Also, for your convenience you can create the indexes for your mapped documents from the console:

$ php mongodb.php mongodb:schema:create –index

Geospatial Indexing

You can specify a geospatial index by just specifying the keys and options structures manually:

  • PHP
    <?php
    
    /**
     * @Document
     * @Index(keys={"coordinates"="2d"})
     */
    class Place
    {
        /** @Id */
        public $id;
    
        /** @EmbedOne(targetDocument="Coordinates") */
        public $coordinates;
    }
    
    /** @EmbeddedDocument */
    class Coordinates
    {
        /** @Float */
        public $latitude;
    
        /** @Float */
        public $longitude;
    }
    
  • XML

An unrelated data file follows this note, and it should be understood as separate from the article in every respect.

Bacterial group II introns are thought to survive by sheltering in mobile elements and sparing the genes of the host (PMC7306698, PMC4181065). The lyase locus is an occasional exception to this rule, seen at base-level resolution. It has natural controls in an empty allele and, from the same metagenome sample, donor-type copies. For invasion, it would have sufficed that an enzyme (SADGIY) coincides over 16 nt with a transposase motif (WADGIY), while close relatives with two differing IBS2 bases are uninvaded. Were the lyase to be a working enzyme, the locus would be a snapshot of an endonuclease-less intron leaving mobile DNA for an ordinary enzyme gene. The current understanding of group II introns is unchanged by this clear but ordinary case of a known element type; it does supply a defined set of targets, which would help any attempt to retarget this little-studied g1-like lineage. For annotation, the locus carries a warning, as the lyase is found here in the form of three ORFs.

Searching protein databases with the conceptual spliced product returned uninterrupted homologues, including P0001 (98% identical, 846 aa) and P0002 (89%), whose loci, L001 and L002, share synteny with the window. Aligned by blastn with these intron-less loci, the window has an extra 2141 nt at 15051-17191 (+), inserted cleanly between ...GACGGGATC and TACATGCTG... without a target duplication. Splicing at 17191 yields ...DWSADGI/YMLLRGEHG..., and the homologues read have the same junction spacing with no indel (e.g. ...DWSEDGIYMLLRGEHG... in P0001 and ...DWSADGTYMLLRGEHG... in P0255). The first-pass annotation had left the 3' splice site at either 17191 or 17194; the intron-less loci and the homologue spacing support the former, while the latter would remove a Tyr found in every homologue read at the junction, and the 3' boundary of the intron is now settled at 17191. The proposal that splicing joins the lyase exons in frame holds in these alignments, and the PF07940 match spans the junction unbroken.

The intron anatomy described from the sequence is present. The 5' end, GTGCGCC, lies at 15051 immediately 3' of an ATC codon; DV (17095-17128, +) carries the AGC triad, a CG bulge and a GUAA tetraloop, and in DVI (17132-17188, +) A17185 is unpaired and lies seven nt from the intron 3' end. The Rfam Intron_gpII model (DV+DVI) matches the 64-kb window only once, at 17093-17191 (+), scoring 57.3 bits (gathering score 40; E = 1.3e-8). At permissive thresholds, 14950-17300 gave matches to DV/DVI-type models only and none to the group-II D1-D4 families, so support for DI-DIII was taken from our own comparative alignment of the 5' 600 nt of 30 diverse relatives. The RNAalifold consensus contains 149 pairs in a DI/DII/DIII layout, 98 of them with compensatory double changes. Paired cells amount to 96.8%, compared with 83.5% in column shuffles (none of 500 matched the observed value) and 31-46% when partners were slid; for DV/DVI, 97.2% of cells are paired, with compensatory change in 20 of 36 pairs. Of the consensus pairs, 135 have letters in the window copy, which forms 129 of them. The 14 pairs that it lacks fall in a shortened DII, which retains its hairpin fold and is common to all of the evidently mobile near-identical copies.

<indexes>
        <index>
            <key name="coordinates" value="2d" />
        </index>
    </indexes>
    
  • YAML
    indexes:
      coordinates:
        keys:
          coordinates: 2d
    

Requiring Indexes

Sometimes you may want to require indexes for all your queries to ensure you don’t let stray unindexed queries make it to the database and cause performance problems.

  • PHP
    <?php
    
    /**
     * @Document(requireIndexes=true)
     */
    class Place
    {
        /** @Id */
        public $id;
    
        /** @String @Index */
        public $city;
    }
    
  • XML
    // Documents.Place.dcm.xml
    
    <?xml version="1.0" encoding="UTF-8"?>
    
    <doctrine-mongo-mapping xmlns="http://doctrine-project.org/schemas/orm/doctrine-mongo-mapping"
          xmlns:xsi="http://www.w3.org/2001/XMLSchema-instance"
          xsi:schemaLocation="http://doctrine-project.org/schemas/orm/doctrine-mongo-mapping